Trademark Rights Versus Publicity Rights
Every person enjoys the legal right to control the commercial value of his or her identity (i.e., name, face, likeness, voice), and to prevent others from exploiting that value for profit without permission. The law of TORTS calls this right the "right of publicity," and defines infringement as any nonconsensual use of a person's identity that is likely to damage its commercial value. Falsity or deception is not an element of a claim for infringement. Rather, to trigger infringement of the right of publicity, the plaintiff's identity must be "identifiable" from the defendant's unauthorized commercial use, whatever form that use might take.
Courts and commentators often compare trademark rights to publicity rights because each set of rights is a form of intellectual property that grants owners the exclusive power to commercially exploit their property. But the right of publicity is only analogous to the law of trademarks and not identical. The key to the right of publicity is the commercial value of a human identity, while the key to the law of trademarks is the use of a word or symbol in such a way that it identifies and distinguishes a commercial source. Thus, while a trademark identifies and distinguishes a commercial source of goods and services, the "persona" protected by right of publicity law identifies a single human being.
Nor should the right of publicity be confused with the right of privacy. Courts recognize that the two rights are clearly separable and rest on quite different legal policies: the right to privacy protects against intrusion upon an individual's private self-esteem and dignity, while the right of publicity protects against commercial injury caused by the nonconsensual commercial appropriation of an individual's personality. Damages for invasion of privacy are usually measured by the mental and physical distress suffered by the plaintiff. On the other hand, damages for infringement of the right to publicity are measured by the loss in business value of the plaintiff's identity. Put simply, publicity rights protect against an injury to the pocketbook, while privacy rights protect against an injury to the psyche.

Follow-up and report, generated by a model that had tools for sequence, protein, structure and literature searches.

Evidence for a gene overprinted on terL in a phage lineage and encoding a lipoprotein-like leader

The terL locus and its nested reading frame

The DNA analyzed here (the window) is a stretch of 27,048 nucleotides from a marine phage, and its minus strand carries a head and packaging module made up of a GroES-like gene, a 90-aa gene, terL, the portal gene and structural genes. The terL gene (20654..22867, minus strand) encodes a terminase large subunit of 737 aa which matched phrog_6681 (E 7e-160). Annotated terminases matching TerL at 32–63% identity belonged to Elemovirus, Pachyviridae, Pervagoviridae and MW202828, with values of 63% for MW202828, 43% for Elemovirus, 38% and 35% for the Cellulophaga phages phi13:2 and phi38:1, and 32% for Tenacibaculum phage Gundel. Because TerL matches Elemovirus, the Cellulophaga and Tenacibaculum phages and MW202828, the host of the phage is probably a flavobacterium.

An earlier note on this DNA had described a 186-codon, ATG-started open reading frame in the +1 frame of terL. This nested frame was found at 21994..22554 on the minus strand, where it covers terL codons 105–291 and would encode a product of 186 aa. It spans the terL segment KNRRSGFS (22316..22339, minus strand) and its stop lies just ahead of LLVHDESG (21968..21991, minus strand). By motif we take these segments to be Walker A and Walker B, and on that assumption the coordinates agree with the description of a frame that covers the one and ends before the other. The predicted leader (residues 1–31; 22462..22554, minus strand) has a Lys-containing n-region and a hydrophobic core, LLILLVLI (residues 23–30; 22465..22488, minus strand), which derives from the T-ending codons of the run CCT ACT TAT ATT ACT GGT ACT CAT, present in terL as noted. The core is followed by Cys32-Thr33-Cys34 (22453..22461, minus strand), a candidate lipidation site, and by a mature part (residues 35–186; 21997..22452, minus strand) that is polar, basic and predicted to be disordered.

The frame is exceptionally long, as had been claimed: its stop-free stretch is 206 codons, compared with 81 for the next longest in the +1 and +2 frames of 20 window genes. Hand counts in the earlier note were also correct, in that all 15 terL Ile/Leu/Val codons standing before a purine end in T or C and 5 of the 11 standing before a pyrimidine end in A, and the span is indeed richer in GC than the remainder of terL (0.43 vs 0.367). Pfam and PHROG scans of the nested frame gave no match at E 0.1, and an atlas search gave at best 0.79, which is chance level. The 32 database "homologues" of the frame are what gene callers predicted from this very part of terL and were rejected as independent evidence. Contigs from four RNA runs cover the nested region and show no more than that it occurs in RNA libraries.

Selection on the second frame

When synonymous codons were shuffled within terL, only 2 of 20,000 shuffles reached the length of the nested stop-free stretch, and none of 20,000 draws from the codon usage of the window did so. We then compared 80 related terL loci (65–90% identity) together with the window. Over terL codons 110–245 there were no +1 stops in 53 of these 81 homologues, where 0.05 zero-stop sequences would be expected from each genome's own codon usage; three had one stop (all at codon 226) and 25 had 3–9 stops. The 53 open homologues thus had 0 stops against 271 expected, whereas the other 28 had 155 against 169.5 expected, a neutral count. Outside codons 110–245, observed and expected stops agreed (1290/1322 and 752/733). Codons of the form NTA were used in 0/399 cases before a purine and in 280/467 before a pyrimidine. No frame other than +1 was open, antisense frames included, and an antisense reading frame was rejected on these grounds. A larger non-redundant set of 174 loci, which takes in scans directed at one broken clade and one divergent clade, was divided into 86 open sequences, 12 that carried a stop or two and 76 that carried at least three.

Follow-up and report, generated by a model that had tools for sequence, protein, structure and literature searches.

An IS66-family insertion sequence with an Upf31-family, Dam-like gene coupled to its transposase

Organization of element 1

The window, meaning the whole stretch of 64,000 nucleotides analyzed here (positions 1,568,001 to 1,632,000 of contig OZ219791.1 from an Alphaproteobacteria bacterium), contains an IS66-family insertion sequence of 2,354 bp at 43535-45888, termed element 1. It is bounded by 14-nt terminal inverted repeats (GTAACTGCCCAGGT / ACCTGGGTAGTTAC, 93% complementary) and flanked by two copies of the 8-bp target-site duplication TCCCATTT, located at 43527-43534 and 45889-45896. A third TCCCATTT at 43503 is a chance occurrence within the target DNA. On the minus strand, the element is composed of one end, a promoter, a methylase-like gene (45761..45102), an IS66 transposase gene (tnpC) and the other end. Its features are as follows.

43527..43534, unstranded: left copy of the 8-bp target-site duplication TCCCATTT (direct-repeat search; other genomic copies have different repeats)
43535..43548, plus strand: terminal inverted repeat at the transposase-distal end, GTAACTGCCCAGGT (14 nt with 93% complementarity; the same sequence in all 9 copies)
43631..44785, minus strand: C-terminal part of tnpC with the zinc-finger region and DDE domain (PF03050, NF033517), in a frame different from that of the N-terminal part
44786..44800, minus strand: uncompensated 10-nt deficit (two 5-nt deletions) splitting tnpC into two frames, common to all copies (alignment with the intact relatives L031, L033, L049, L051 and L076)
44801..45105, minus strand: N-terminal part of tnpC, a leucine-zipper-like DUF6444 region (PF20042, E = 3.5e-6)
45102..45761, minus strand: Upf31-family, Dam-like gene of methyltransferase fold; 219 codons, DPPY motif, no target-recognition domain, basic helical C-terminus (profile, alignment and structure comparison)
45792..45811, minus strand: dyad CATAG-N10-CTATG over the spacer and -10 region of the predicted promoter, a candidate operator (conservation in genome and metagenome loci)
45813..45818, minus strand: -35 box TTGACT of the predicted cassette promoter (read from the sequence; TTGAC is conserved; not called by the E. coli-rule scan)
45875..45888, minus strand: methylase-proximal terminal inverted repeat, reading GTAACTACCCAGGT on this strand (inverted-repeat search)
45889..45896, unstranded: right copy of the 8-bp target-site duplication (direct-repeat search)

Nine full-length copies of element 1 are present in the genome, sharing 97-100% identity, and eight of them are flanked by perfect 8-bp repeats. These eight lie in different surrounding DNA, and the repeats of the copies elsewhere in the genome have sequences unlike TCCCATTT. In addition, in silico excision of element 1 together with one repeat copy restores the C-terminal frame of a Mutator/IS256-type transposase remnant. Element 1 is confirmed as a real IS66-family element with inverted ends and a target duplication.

The right of publicity is not absolute. The use of a name or likeness incidental to the dissemination of a news story in which a person is properly and fairly presented is not actionable as a violation of the right of publicity. However, according to some authorities, the right of publicity can extend to the publication of one's name or picture in nonadvertising portions of a magazine or broadcast.
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